“These women were silenced purposefully and systematically by the USC administration. Their complaints went nowhere for decades,” Ebadi explained. “The students have really been showing up and speaking out against this injustice – and we’ve been met with a meeting or two and promises that this wasn’t going to happen again. And that’s not going to be satisfactory for anybody or any victim to something that is so tangible that it affects the way that you live,” said said, noting also that while most alleged student sexual assault victims at USC were women, they also included men – and that USC custodial staff suffer from on-the-job sexual harassment.
As the work week started, the #FixSC Tent City stayed up.
By Tuesday, the Coalition had delivered an official letter to Dr. Carol Folt – USC’s new president – and her new administrative team.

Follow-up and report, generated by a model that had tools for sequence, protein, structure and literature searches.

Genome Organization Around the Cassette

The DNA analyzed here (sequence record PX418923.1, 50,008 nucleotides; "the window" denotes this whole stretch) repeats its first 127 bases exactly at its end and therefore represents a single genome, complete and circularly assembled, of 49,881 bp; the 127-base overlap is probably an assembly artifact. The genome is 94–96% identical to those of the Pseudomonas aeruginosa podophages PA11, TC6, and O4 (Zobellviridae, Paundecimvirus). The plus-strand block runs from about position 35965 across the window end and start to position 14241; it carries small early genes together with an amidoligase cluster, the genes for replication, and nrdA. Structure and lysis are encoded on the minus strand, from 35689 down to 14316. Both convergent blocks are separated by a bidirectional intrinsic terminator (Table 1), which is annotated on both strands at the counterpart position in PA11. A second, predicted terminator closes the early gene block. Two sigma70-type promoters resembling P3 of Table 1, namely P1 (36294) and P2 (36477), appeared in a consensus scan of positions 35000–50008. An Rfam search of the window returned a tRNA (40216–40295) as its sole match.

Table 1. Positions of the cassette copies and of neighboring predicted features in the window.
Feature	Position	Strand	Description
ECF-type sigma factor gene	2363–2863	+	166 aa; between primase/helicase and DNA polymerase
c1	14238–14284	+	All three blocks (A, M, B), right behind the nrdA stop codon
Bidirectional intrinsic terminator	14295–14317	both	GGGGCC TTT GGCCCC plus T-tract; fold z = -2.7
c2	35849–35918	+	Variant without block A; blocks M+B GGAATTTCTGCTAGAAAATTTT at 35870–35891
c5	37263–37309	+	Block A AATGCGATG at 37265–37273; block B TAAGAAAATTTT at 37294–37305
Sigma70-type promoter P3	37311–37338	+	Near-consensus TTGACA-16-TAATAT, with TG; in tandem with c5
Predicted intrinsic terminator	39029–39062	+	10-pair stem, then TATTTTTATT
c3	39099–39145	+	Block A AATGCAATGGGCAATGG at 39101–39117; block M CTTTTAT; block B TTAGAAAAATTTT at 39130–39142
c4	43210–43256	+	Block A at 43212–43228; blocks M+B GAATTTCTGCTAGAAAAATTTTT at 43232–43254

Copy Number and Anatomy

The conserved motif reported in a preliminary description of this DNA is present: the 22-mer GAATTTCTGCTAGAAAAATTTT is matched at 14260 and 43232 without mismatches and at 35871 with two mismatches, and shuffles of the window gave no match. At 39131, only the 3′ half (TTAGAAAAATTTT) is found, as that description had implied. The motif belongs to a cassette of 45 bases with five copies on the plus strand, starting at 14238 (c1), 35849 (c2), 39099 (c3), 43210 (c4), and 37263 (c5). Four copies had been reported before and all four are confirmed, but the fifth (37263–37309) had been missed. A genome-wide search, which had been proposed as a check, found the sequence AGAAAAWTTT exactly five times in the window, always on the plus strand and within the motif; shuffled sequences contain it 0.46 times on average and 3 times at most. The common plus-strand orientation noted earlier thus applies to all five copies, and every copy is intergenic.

The letter reiterated a list of demands, which included:
- Full respect for labor rights of USC graduate students and faculty
- A campus free from sexual assault, harassment and violence
- Affordable housing for existing and displaced residents around USC
- Increased accessibility for low-income LAUSD students to USC
- A community benefits agreement in coordination with local residents and stakeholders
When USC’s leaders failed to respond after 48 hours, Coalition members took the #FixSC Tent City directly up Trousdale Parkway into the heart of campus on Thursday.